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Uruguay: Cybersecurity

Quardia / Essentials collection /


Uruguay does not have a general comprehensive law on cybersecurity. It does, however, have a series of decrees that are all applicable to the public sector, including Decree No. 451/009 on the Organisation of the Uruguayan National Computer Security Incident Response Centre (only available in Spanish here) ('Decree No. 451'), Decree No. 452/009 on the Cybersecurity Policy for Public Administration (only available in Spanish here) ('Decree No. 452'), and Decree No. 92/014 on the Standardisation of Domain Names for Public Administration (only available in Spanish here) ('Decree No. 92').

With regards to the private sector, as there is no specific regulation on cybersecurity, Law No. 18.331 on the Protection of Personal Data and the Habeas Data Action 2008 (only available in Spanish here) ('the Law'), Decree No. 414/009 Regulating Law 18.331 Relating to the Protection of Personal Data (only available in Spanish here) ('the Decree'), Articles 37-40 of Law No. 19.670 on Accountability and Budgetary Execution Balance Exercise 2017 (only available in Spanish here) ('Law No. 19.670'), and Decree No. 64/020 on the Regulation of Articles 37-40 of Law No. 19.670 of 15 October 2018 (only available in Spanish here) ('the 2020 Decree') apply.

1.1. Legislation

There is no law that specifically addresses cybersecurity, but there are a series of decrees applicable to the public sector, one of them being Decree No. 451 which aims to organise the National Center for Computer Security Incident Response ('CERTuy'). In the private sector general rules on data protection apply.

General legislation - not cybersecurity-focused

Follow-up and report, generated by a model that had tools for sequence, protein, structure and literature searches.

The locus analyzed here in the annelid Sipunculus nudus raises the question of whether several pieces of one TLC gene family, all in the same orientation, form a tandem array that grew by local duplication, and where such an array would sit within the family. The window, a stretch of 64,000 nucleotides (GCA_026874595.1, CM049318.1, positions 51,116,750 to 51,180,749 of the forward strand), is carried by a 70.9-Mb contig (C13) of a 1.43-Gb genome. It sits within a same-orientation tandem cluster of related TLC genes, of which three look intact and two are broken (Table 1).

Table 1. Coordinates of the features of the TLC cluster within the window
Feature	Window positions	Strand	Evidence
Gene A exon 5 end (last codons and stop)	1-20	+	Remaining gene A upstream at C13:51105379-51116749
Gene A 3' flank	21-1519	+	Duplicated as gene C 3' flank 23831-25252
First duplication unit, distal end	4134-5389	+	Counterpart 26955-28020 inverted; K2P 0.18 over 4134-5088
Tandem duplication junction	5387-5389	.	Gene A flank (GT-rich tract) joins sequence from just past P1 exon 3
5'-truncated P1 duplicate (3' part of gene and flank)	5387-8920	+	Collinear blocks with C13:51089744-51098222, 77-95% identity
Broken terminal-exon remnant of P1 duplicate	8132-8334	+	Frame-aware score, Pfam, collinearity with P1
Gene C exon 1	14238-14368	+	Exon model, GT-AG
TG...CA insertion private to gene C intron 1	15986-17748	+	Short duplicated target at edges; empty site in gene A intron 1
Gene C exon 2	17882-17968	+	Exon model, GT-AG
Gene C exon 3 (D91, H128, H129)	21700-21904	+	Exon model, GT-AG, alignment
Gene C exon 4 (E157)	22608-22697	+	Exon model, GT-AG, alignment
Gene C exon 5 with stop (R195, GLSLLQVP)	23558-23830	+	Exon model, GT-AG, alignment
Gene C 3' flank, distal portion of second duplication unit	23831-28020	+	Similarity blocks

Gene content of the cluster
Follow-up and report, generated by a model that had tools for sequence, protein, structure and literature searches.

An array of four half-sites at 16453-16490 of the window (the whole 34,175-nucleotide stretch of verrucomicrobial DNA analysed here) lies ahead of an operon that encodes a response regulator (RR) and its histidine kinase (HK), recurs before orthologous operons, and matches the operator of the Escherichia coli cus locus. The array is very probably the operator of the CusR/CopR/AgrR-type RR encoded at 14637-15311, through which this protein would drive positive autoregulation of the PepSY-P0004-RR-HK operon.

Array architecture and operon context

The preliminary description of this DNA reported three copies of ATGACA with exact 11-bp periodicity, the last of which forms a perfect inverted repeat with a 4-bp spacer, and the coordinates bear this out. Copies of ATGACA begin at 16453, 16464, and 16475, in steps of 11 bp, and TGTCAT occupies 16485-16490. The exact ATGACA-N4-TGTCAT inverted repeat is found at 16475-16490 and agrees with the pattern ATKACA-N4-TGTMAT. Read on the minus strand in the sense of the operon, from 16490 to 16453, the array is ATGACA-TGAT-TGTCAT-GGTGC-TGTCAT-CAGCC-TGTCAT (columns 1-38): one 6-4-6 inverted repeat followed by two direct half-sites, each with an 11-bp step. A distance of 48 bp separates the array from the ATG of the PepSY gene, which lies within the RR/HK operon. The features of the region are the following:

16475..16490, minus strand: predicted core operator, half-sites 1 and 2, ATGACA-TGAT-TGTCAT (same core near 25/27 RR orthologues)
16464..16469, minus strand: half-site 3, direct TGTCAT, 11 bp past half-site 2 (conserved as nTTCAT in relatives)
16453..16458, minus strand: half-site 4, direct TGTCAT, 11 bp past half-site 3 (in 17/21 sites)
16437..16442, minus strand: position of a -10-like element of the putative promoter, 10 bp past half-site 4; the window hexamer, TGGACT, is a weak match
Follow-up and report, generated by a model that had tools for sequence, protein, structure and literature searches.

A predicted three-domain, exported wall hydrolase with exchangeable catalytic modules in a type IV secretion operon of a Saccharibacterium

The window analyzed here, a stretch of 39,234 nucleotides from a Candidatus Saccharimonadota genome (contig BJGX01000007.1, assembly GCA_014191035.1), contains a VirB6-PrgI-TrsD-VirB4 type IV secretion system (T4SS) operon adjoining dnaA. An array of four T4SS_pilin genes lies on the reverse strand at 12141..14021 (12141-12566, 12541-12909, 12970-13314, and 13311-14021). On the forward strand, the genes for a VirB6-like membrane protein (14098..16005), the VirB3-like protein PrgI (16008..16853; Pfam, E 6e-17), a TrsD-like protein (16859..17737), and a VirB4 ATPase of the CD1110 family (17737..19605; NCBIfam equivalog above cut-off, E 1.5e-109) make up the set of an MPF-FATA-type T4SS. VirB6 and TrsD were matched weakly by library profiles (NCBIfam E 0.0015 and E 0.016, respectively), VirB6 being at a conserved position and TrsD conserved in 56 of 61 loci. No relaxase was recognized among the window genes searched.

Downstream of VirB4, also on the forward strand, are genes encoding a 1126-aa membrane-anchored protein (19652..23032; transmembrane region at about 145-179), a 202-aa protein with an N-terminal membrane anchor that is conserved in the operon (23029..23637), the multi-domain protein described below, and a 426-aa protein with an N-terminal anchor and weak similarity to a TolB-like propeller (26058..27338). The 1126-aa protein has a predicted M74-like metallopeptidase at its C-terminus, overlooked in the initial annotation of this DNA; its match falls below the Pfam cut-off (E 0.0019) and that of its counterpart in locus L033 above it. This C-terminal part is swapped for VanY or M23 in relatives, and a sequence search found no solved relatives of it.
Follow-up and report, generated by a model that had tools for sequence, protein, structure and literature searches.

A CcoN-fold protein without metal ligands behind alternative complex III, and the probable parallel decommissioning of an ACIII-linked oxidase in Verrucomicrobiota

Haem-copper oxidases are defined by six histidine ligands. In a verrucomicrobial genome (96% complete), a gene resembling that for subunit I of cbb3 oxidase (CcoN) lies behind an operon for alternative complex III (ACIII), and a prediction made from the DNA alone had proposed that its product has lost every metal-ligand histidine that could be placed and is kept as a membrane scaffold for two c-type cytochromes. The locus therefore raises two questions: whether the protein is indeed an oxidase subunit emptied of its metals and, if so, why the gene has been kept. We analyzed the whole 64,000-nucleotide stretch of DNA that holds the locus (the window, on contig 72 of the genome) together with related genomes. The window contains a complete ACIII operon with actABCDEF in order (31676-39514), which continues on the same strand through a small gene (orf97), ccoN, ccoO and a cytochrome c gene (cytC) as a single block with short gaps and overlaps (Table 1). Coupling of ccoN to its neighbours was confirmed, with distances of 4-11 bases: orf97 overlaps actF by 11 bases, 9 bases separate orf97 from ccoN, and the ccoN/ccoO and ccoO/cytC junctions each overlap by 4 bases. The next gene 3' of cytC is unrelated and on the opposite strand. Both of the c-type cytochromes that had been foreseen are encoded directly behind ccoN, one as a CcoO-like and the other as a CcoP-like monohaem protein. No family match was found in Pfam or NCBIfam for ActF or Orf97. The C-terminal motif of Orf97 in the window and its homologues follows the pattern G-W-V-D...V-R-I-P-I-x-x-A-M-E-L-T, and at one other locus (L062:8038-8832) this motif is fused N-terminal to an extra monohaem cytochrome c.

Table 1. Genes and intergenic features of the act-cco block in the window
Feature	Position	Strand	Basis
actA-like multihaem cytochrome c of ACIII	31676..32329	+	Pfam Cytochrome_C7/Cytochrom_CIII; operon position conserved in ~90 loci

• The Law
  • The Decree
  • Articles 37-40 of Law No. 19.670
  • The 2020 Decree

Sectoral legislation

  • Decree No. 451
  • Decree No. 452
  • Decree No. 92

1.2. Regulatory authority

The CERTuy is in charge of protecting the informatic systems that hold the state's information, and has the following tasks:

  • assisting state bodies whenever an incident occurs;
  • coordinating with the information security experts on the prevention, detection, and handling of the information about the incidents;
  • collaborating and proposing regulation related to cybersecurity;
  • alerting those required whenever a threat arises;
  • preventing security incidents from occurring; and
  • keeping a record of all the incidents that are reported.

The Uruguayan Data Protection Authority ('URCDP') is in charge of the supervision and control of data protection, both to the private and public sector, in particular by:

  • passing regulation;
  • monitoring data protection law compliance;
  • issuing opinions on data protection matters; and
  • carrying out inspections.

1.3. Regulatory authority guidance